Trip Stipends and Discounts

For those who can not afford the full price of the tour, but can show volunteer service and dedication to the cause will be provided stipends or discounts.  Other non-profit and environmental groups may also be offered discounts.  Two stipends of $100 each are available to students on a first come basis from Dr. Sandy Smith-Nonini of YIKES!  Contact us for details.

Deadline for Deposits:

Jan. 16th

Email us at:

info@greenwayrides.com, or info@theforestfoundation.org

New Research disputing Connection Between Health and Economic Development

Thursday, 1 January, 2009

Having just finished Jeffrey Sach’s Book, Common Wealth, I was impressed in his articulate and concise understanding of the world’s current problems. I know of no better identification and articulation.  In fact, it (along with Lester Brown’s Plan 3.0)  made me want a prescription for anti-depressants.  However, Sach’s analysis of solutions (unlike Lester’s work) was found to be desperately needing.  Interestingly, on one our layovers returning from Europe I picked up the November 22, 2008 copy of the Economist, and there in black and white (p. 90), was an article on two recent studies confirming my misgivings over both his view of development economics ( or lack of ecological economic training), and the decades of poorly spent development money.  I have complained about this for sometime, mostly to friends and anyone else who would listen, mostly receiving the “he is such an embarrassment, keep him off the stage” look.

The two studies, one by MIT (Acemoglu and Johnson, “Disease and Development: The Effect of Life Expectancy on Economic Growth”);  and the second by Brown University (Ashraf, Lest and Weil, “When Does Improving Health Raise GDP”), show that investing massively in human health improvement, as we are doing, does not result in immediate improvement in economic development.  In fact, it actually causes serious problems, often delaying development for decades.  It is obvious that what investments in human health do (and don’t get me wrong as I believe in helping people from a purely humanitarian standpoint, but let’s do it smartly, maximizing investments with the limited resources we throw at it), is to bring more humans through the perils of childhood into adulthood.  Why is this bad?  It is a proverbial no-brainer to anyone who has endured Psychology 101 rat study data (don’t knock the rats as they are profoundly more like us than you think), we overpopulate.

See:

http://econ-www.mit.edu/files/2129

http://ideas.repec.org/p/bro/econwp/2008-7.html

Given the scarcity of resources, poor resource management,  control of these resources through horrendous graft and corruption, mis-valuation of resources through GDP and GNP measures, etc. that characterize so many of these developing countries and our development policy, it is no wonder that more people surviving means less for everyone else, crushing what little possibility that anyone can eek out an existence.  “Blasphemy!” I can hear the health and development community (Christian fundamentalists and many of my “bleeding heart” friends) scream.  But this data from these reports seem to confirm what has been obvious.  The way to development is not through human health  initiatives, though it is an important part, but through a myriad of other reforms, of which empowerment of women, population planning and better natural resource management are likely at the top of the list.  Our human economy is dependent on and subset of the natural capital of this planet, and we are doing a terrible job of taking care of it (much less creating proper valuations).  This new research data does not confirm directly this hypothesis, but it would make sense (given the rat research) that if your natural environment is conducive to stable populations (all populations, not just humans), then you will likely create a foundation for development that is more lasting.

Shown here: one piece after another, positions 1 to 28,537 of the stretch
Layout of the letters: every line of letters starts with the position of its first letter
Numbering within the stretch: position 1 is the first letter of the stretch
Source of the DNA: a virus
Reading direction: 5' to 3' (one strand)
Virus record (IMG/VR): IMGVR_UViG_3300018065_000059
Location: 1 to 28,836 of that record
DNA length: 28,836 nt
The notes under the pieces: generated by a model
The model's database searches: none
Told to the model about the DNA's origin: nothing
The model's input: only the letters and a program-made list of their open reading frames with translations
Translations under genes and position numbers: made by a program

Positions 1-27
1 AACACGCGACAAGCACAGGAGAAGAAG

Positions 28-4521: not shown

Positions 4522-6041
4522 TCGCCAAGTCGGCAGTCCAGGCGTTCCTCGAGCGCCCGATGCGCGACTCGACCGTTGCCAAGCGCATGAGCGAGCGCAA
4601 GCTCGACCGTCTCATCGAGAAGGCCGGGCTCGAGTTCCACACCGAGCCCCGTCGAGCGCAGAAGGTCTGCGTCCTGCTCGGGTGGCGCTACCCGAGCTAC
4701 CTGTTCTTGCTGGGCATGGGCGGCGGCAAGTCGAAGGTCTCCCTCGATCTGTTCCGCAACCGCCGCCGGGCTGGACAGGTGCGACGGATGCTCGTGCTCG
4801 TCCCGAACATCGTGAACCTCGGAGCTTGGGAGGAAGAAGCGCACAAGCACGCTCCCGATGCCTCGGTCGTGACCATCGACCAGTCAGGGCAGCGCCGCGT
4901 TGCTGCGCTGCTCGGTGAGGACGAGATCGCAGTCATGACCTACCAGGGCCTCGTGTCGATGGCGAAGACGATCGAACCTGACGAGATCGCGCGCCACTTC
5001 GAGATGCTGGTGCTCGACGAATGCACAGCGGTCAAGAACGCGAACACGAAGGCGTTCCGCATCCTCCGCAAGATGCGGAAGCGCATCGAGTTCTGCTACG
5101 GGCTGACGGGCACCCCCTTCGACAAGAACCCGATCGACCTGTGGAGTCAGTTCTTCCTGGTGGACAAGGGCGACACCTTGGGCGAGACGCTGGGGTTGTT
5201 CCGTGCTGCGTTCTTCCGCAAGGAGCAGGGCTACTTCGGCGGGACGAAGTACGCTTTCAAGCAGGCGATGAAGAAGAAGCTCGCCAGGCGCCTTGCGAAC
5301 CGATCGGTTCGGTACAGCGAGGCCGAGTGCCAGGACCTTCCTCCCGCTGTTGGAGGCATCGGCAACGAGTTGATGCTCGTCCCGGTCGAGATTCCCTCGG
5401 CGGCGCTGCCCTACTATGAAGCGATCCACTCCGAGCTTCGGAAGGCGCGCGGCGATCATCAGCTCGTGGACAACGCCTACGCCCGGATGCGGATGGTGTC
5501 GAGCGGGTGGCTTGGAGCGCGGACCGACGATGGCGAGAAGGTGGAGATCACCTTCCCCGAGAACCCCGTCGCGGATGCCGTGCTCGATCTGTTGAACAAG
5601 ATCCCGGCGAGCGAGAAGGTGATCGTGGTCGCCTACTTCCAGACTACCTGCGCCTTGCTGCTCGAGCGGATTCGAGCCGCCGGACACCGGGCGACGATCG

(SEE BBC News "Population: The elephant in the room,"
Environmentalists must accept that uncontrolled population growth threatens to undermine efforts to save the planet.
< http://news.bbc.co.uk/go/em/fr/-/2/hi/science/nature/7865332.stm >)

Which brings me back to Sach’s book.  Nowhere does he mention market externalities and the need to use market economies (if we can so trust them, given our recent global meltdown) to properly value natural capital.  What is so frustrating is the billions of dollars we have spent on human health initiatives, that have actually contributed to long term worsening of conditions within these developing countries.  Organizations, like The Gates Foundation, the largest Foundation in the world bolstered by the billions of Warren Buffet, have a central focus on human health, at the expense of most everything else.  Let us hope/pray that the development community reads this research and better directs our limited resources to development policies that offer the “bigger bangs for the buck.”  And that cheap Americans, who think they give, but in fact, are the last of the western world in percentage of GDP in giving, start giving more.  Critical are strategies of integrated conservation and development and fundamentally restructuring our global economies to properly value the truly important things, like clean air, water, biodiversity, human labor and energy.